U.S. and allied governments are entering a “watershed moment” in international politics due to China’s attempt to achieve supremacy, according to Senate Intelligence Committee leaders.
“Beijing’s infiltration of U.S. society has been deliberate and insidious as they use every instrument of influence available to accelerate their rise at America’s expense,” acting Chairman Marco Rubio, a Florida Republican, said in a joint statement with Virginia Sen. Mark Warner, the top Democrat on the panel. “Unfortunately, the United States’s challenge with China is not unique as Beijing seeks to infiltrate and subvert other nations around the world, including our allies.”
That bipartisan statement attests to the congressional appetite for President-elect Joe Biden to maintain a hard line on Beijing. Chinese officials, for their part, insist that the rivalry has developed because Western politicians lack “respect” for the communist regime, which they hope might improve somewhat under the next administration.
“And honestly, some of my American colleagues, they still are not ready to have genuine mutual respect,” Ambassador Cui Tiankai, China’s envoy to the U.S., told the Institute for China-America Studies during a Thursday webinar. “Without mutual respect, you can never acquire very good mutual understanding.”
Chinese state media sharpened that argument while justifying the Chinese Foreign Ministry’s decision to publish an image that portrays an Australian soldier killing a girl in Afghanistan, sparking outrage in Canberra and Washington.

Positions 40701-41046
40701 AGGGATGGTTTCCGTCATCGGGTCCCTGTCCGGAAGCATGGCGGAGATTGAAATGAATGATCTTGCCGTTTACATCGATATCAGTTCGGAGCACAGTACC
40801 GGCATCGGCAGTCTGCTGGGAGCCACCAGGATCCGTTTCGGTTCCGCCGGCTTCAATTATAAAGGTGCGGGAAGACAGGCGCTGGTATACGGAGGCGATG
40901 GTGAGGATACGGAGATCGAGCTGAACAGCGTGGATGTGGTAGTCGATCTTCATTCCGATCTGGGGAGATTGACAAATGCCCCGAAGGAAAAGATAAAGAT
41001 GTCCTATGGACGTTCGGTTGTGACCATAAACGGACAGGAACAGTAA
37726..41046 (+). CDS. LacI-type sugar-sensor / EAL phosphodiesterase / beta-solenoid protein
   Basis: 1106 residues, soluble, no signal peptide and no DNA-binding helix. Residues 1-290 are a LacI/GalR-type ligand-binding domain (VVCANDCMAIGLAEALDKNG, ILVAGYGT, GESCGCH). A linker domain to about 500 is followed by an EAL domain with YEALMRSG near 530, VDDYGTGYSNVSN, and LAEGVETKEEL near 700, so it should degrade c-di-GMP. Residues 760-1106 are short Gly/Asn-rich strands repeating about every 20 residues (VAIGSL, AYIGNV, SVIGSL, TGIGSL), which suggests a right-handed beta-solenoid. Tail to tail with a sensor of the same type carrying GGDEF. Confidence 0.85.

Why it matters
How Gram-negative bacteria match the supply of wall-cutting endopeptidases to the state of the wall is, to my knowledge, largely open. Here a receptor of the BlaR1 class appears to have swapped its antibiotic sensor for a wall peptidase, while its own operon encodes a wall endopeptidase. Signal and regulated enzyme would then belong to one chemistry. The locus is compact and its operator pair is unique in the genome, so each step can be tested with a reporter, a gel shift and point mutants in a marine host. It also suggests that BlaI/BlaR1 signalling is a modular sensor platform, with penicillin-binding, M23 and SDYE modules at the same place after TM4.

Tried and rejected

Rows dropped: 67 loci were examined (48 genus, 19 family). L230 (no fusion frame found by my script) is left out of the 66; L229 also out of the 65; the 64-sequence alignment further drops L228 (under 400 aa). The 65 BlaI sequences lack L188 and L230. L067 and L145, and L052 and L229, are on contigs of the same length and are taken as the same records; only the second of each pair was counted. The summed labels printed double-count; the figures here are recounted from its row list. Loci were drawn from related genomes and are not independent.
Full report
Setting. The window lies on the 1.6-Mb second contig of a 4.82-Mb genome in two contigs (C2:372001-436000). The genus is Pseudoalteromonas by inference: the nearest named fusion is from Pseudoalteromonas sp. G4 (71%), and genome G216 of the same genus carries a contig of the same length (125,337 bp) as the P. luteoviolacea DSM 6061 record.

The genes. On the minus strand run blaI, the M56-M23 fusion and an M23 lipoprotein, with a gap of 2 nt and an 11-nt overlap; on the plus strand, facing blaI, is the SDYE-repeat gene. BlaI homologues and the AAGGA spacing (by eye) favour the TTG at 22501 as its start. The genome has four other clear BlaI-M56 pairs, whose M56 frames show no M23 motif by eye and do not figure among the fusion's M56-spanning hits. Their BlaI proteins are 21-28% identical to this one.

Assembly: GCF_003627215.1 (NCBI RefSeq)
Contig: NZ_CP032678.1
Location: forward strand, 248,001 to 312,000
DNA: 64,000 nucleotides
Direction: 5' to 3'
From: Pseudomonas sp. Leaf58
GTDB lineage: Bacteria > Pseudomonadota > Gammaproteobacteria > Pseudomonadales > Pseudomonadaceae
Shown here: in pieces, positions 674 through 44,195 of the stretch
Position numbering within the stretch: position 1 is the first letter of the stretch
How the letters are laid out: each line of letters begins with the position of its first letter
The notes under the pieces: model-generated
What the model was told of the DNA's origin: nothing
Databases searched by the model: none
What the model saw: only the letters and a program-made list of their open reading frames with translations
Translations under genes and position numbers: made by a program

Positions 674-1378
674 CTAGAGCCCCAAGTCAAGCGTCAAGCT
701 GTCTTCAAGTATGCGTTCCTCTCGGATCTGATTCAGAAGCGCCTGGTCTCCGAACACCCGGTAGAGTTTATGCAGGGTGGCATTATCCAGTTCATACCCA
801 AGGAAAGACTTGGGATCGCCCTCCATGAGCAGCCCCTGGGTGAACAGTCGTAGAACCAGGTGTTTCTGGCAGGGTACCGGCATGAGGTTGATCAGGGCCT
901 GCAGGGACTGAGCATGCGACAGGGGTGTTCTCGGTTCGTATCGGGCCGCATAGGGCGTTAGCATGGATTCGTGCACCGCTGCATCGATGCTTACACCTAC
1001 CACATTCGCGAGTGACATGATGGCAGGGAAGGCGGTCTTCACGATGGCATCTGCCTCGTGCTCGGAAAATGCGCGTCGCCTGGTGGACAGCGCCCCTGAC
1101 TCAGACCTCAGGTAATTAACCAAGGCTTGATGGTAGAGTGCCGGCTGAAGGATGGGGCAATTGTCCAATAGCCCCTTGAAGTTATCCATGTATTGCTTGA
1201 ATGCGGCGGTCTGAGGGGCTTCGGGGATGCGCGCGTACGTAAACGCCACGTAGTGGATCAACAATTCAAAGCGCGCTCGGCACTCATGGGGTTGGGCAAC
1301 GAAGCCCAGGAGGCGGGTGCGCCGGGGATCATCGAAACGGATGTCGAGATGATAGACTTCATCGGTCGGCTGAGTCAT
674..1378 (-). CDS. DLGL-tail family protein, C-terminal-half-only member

“This is the consistent style of Western whites: The West must always be in a superior status and position,” a state-run Global Times column argued. “As they cannot hold colonies anymore, they attempt to spiritually colonize others with their so-called universal values of democracy and human rights.”
That statement underscores the degree to which officials in Beijing and Washington regard the competition as a contest between rival systems of governance. A senior CIA official described Chinese leaders as “waging … a cold war” against the U.S. in 2018, but the coronavirus pandemic triggered a more public ideological showdown over the last year.
“Our democratic values are threatened by China’s attempts to supplant American leadership and remake the international community in their image,” Rubio and Warner said. “The Chinese Communist Party’s authoritarian leaders seek to threaten our free speech, politics, technology, economy, military, and even our drive to counter the COVID-19 pandemic.”
The propaganda outlet bristled at Western demands for an investigation into the origins of the pandemic, which emerged in China and spread as the World Health Organization amplified inaccurate statements from Beijing about the contagion.
“The U.S. and other Western countries have been making harsh accusations against China, and the Trump administration has been repeatedly and wrongly using the term ‘Chinese virus,’” the Global Times wrote in an editorial. “We have to ask: Did Australian and US officials take Chinese people’s habits of acceptance and feelings into consideration when they made a sound loud enough to penetrate the Chinese public opinion field?”
That’s an apparent acknowledgment that Communist Party censors failed to prevent Chinese people from encountering Western criticism of Beijing’s performance during the pandemic. Chinese officials, however, have used their economic leverage to punish Australia and even American companies in response to unwelcome political statements.
“This is our watershed moment, and we must stand our ground,” Rubio and Warner said. “The United States must not and cannot accept Beijing’s quest to exert dominance while dismissing international legal norms and committing egregious human rights abuses to further their goals.”